Judge David Johnson rebelled, evolved, and then microwaved a burrito.
Our reviews of Battlestar Galactica: Season One (published November 7th, 2005), Battlestar Galactica: Season 2.0 (published January 9th, 2006), Battlestar Galactica: Season 2.5 (published October 2nd, 2006), Battlestar Galactica: Season One (HD DVD) (published January 28th, 2008), Battlestar Galactica: Season Two (Blu-Ray) (published April 12th, 2010), Battlestar Galactica: Season Three (published March 24th, 2008), Battlestar Galactica: Season Three (Blu-Ray) (published July 22nd, 2010), Battlestar Galactica: Season 4.0 (published January 16th, 2009), Battlestar Galactica: Season 4.5 (published July 28th, 2009), Battlestar Galactica: Season 4.5 (Blu-Ray) (published July 28th, 2009), Battlestar Galactica: The Complete Series (published July 28th, 2009), Battlestar Galactica: The Miniseries (published February 2nd, 2005), and Battlestar Galactica: The Remastered Collection (Blu-ray) (published September 7th, 2015) are also available.
"So say we all. For realz now."
After releasing many iterations of its popular sci-fi series, Universal wraps up the BSG Blu-ray collection with the entire fourth season.
Facts of the Case
It's the final Hail Mary voyage for the remnants of the human race, as they pile into their jalopy—Battlestar Galactica—and make for Earth. Looking to elude the ever-pursuing Cylon force, they manage the multitude of political and personal issues that inevitably pop up when a bunch of dirty humans live together in a flying tomato sauce can for so long.
Among the crazy things our heroes have to tangle with in the final
Man, I've output more written material about Battlestar Galactica than the entirety of my grad school tenure.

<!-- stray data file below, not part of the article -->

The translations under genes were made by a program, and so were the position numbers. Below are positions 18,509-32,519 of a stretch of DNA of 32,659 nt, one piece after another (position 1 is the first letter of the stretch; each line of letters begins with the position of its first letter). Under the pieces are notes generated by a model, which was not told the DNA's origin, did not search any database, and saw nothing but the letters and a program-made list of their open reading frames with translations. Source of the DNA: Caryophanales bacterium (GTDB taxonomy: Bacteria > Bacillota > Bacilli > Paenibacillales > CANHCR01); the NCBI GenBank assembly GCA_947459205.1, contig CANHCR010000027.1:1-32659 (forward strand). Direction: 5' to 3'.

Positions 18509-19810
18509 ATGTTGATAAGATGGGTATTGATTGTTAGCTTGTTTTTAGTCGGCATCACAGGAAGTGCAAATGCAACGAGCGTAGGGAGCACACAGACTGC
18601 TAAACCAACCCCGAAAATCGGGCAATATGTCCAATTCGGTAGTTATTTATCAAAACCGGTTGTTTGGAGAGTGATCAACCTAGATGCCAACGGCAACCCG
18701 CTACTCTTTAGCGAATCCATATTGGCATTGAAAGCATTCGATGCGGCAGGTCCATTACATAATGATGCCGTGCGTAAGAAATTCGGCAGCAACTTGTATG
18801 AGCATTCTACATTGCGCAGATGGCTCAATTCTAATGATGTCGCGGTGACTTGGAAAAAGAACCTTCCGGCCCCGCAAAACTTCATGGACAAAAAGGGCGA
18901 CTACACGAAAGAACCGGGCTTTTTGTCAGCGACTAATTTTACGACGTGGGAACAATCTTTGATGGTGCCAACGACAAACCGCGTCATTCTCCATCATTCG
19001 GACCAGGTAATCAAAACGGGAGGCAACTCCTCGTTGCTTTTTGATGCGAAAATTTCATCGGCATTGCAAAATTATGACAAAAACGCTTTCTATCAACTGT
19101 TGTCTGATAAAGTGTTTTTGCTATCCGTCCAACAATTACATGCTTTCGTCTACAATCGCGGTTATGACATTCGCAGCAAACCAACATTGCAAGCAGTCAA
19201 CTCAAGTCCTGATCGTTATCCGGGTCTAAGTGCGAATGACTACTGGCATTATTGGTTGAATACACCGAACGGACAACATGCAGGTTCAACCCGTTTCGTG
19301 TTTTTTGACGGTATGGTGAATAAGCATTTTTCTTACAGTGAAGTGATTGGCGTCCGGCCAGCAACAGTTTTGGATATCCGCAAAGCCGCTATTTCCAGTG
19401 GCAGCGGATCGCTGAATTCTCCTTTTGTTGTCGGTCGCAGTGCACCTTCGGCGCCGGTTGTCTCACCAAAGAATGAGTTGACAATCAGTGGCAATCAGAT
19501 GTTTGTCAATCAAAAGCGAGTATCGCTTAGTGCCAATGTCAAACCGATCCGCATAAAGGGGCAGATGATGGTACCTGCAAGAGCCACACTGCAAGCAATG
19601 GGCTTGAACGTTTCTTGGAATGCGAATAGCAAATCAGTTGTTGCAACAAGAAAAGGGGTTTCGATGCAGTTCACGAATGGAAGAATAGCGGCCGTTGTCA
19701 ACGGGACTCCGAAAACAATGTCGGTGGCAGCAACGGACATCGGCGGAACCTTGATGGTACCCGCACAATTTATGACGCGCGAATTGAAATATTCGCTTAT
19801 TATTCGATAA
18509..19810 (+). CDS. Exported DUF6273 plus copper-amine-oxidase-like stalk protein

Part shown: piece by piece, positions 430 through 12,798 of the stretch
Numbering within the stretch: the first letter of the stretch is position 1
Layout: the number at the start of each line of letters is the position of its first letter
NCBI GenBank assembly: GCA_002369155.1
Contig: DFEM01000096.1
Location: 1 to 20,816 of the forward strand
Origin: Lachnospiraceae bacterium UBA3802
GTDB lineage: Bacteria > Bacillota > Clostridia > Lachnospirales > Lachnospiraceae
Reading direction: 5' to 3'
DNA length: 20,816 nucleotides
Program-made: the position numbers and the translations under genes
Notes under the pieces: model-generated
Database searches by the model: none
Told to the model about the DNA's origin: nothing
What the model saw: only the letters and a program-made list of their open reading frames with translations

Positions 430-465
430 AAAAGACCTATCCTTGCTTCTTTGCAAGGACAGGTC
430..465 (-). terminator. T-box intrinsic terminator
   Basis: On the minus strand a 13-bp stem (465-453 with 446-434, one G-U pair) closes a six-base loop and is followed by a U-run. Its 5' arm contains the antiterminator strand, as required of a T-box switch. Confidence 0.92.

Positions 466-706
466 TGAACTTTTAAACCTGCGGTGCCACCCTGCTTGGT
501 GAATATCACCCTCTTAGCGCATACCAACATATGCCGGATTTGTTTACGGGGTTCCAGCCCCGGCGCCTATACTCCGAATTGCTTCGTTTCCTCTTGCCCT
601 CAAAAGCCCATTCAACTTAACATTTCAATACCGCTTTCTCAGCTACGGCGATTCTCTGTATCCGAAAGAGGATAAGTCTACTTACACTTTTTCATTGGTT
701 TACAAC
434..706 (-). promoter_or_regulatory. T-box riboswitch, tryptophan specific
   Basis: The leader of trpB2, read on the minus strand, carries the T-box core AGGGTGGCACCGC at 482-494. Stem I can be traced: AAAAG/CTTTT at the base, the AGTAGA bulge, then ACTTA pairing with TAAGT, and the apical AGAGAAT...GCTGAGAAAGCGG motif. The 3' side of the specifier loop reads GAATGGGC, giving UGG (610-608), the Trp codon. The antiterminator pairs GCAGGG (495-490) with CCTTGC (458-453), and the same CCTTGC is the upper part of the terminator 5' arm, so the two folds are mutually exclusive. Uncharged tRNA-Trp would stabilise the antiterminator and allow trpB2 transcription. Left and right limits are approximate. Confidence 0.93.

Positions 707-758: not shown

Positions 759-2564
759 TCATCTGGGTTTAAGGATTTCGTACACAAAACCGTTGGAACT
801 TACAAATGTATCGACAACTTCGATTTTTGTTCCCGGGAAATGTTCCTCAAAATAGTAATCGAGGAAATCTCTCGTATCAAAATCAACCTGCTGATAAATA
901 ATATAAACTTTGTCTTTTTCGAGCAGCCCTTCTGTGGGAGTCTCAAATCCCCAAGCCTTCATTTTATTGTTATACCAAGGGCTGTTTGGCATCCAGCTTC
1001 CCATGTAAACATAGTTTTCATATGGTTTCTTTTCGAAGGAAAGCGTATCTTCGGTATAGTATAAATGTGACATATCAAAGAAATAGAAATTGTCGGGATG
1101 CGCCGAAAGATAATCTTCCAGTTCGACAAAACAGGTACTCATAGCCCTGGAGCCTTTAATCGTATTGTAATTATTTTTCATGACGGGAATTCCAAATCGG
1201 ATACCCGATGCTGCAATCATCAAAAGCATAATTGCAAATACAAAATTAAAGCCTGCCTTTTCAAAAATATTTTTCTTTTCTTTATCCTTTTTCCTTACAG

First: this set is the entire fourth season, including 4.0 and 4.5. This calls into question Universal's separate releases of 4.0 and 4.5 on their own. Why split it up? Sure you could pony up the dollars for the entire series on Blu-ray, but what's the point on holding off the fourth season? I'll lay aside my cynical ruminations and just move on.
I'm a big fan of this show, but Season Four felt a bit too schizophrenic. While not bad by any means—I'll take an iffy episode of BSG over the best that CSI or Law and Order can cough up—it's easily the most frustrating season.
The first half of the season is consumed with the mysticism and mythology of the final five Cylons, prophecies, destinies, and…Okay! I get it. There is a whole lot of plot and exposition to get through, much of which had been put into motion by the writers earlier on. Frankly, it often felt like they were desperately trying to come up with some satisfying reveals to match the mystery of the questions.
As has been my experience with BSG, the more compelling moments involve the humans grappling with practical Holy-Crap-our-species-is-near-extinction-and-we-have-to-build-our-civilization-on-the-fly problems. That mutiny that kicks off the second half of the season is my favorite story thread and was far more satisfying than even the most coherent mythology stuff. Also, the amount of space combat was severely diminished as compared to seasons previous, save for the big-ass bonanza at the end. Finally: Starbuck was completely ruined as a character.
But the ending was emotional. Cheeky and cute? Sure. But that stuff with Adama and Roslin wrecked me.
A typically well-performing Blu-ray on the technical end: the series was built with HD in mind and it looks fantastic in Blu, the 1.78:1, 1080p transfer shining despite the circumstances. Space action? Looks awesome, the top-notch visual effects coming across even better in HD. Grounded, personal moments in the gun-metal gray of the BSG? Looks awesome, the contours of Edward James Olmos's face primed to burn imprints into your LCD TV. The 5.1 Master Audio maxes out the outstanding sound effects work and score.
Extras: a making-of documentary (HD), a six-part series retrospective (HD), a preview of the disappointing TV movie Battlestar Galactica: The Plan (HD), commentaries on three episodes, deleted scenes, behind-the-scenes featurettes, minisodes, Ronald Moore's podcast commentaries, David Eick's video blogs, interactive guides to BSG terms, and a Blu-ray version of Razor.
A maddening capper to the series, but sporadically cool nonetheless, this season wraps up one of my favorite shows in memorable fashion. The Blu-ray set is a winner, but you've seen all these extras before.
Not Frakkin' Guilty!
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